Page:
Published: August 19, 2003
– The JFK Coliseum (The Ice Rink) is not air-conditioned, it is certainly not carpeted and it is not the easiest place to find. “That is all going to change next year,” John Bruno of Flamingo Promotions said, “as we are moving the Start of Manchester Antiques Show out of the ice rink to a new spot, the Event Center at R.C. Sparks, in Bedford.” While this new location will be more comfortable and convenient for visitors, the old one did not slow down the show. There was a line that stretched the length of the building waiting to get in at noon on Tuesday, August 5, and people came during the rest of that day and also on Wednesday.
“We had just about the same gate as last year,” Tina Bruno said, “and there really are people we call be-backers.” She noted that many people came back a second time to buy things they had seen on the first trip and after they had taken in some of the other shows during Antiques Week In New Hampshire.
Actually The Start of Manchester Antiques Show is the second event managed by Flamingo in a week’s time, the first taking place in Hopkinton, N.H. There The New England Antiques Festival is staged, a two-day event that will also see a change in venue next time around. “We are going to move the show closer to Manchester next year and will announce the location very soon,” Tina said. Management hopes that being closer to all the other shows will bring in a larger gate and also attract more exhibitors.
Close to 60 dealers from 17 different states took part in The Start of Manchester. Many of them came from a distance and represent a group that does not show frequently in the Northeast. Two exhibitors hailed from Texas, three from Ohio, and two from Florida, Tennessee and Missouri. And for the most part, country rdf_Descriptions prevailed with a good sampling of painted furniture.
A collection of always-popular trade signs was shown by Liberty Tree Antiques of Collierville, Ind. Advertising promoted banks, a snack bar, Real Ice Cream and Samuel J. Greenberg’s store offering “Plain Goods For Plain People.”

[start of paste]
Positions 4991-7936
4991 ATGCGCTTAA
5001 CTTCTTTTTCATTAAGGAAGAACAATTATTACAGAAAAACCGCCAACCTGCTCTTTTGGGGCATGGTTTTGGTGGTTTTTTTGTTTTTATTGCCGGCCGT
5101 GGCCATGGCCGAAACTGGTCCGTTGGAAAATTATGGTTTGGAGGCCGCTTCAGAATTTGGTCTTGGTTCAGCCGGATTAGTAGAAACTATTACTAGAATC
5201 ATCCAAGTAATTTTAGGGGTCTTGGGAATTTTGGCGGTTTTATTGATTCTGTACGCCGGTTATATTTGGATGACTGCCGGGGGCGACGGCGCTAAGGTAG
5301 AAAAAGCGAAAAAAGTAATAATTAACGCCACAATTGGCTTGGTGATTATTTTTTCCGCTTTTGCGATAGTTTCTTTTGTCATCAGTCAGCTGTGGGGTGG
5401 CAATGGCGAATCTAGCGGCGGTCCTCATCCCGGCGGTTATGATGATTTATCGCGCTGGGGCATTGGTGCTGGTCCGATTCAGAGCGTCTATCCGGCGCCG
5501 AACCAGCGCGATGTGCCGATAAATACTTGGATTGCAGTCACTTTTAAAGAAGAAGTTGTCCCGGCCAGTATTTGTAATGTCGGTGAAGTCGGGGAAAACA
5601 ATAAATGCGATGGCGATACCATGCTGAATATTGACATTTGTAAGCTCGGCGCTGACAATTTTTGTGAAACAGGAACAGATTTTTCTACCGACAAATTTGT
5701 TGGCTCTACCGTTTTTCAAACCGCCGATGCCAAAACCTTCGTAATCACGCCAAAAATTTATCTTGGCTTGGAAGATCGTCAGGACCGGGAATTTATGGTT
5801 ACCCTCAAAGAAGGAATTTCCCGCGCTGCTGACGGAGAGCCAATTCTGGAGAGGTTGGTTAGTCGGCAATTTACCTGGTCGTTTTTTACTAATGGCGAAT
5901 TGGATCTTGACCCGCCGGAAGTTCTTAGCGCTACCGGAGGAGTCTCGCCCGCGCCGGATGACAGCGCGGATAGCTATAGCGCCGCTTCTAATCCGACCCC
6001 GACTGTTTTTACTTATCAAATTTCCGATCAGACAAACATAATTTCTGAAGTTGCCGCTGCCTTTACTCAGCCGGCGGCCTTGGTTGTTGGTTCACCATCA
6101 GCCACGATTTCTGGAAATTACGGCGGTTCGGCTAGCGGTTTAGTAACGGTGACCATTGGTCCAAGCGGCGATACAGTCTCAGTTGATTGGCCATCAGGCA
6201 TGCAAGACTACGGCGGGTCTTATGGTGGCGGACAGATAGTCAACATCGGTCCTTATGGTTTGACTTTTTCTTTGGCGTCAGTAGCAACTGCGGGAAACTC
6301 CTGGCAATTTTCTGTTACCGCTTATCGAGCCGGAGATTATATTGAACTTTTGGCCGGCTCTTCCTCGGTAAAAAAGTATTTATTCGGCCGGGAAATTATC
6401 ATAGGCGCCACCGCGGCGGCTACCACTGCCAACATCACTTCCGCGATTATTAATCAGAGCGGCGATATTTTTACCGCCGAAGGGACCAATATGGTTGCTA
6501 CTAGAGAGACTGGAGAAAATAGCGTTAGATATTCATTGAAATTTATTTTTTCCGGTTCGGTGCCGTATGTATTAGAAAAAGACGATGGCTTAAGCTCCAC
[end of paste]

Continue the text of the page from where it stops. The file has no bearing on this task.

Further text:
In addition to a selection of pewter and a few carved birds of Pennsylvania origin, James Island Antiques of Charleston, S.C., offered a Seventeenth Century ladder back armchair that came from the Bullock’s home in Hingham, Mass. The slats of this chair were of ash while the uprights were of maple. One of the seven exhibitors from Connecticut was Nutmeg Treasures of Glastonbury. This booth offered a cupboard from upstate New York, two doors with a cutout base. It had been scraped down to the original robin’s-egg blue, as had a farm table dating from the Nineteenth Century.
One of the top lots of folk art in the show was a violin case offered by Don Orwig of Corunna, Ind. This wooden case had a large trout carved onto the top, with cattails and a bird carved on the back side. The piece is signed by the maker, H.E. Vick, from Alliance, Ohio, 1899. A greatly oversized pair of Lee jeans stood well above the back wall of the booth, and a number of other advertising pieces was shown.
Robert Skinner Antiques of Southampton, N.Y., experienced a good show and offered an unusual keg wheel barrow in green paint from North Carolina. His furniture included a sawbuck table with scrubbed top and mustard painted base, three boards, 42 by 24 inches and 301/2 inches high. A sailboat rudder in old blue paint was mounted as a piece of sculpture, as was a large clam rake, 34 inches wide, from South bay, Long Island.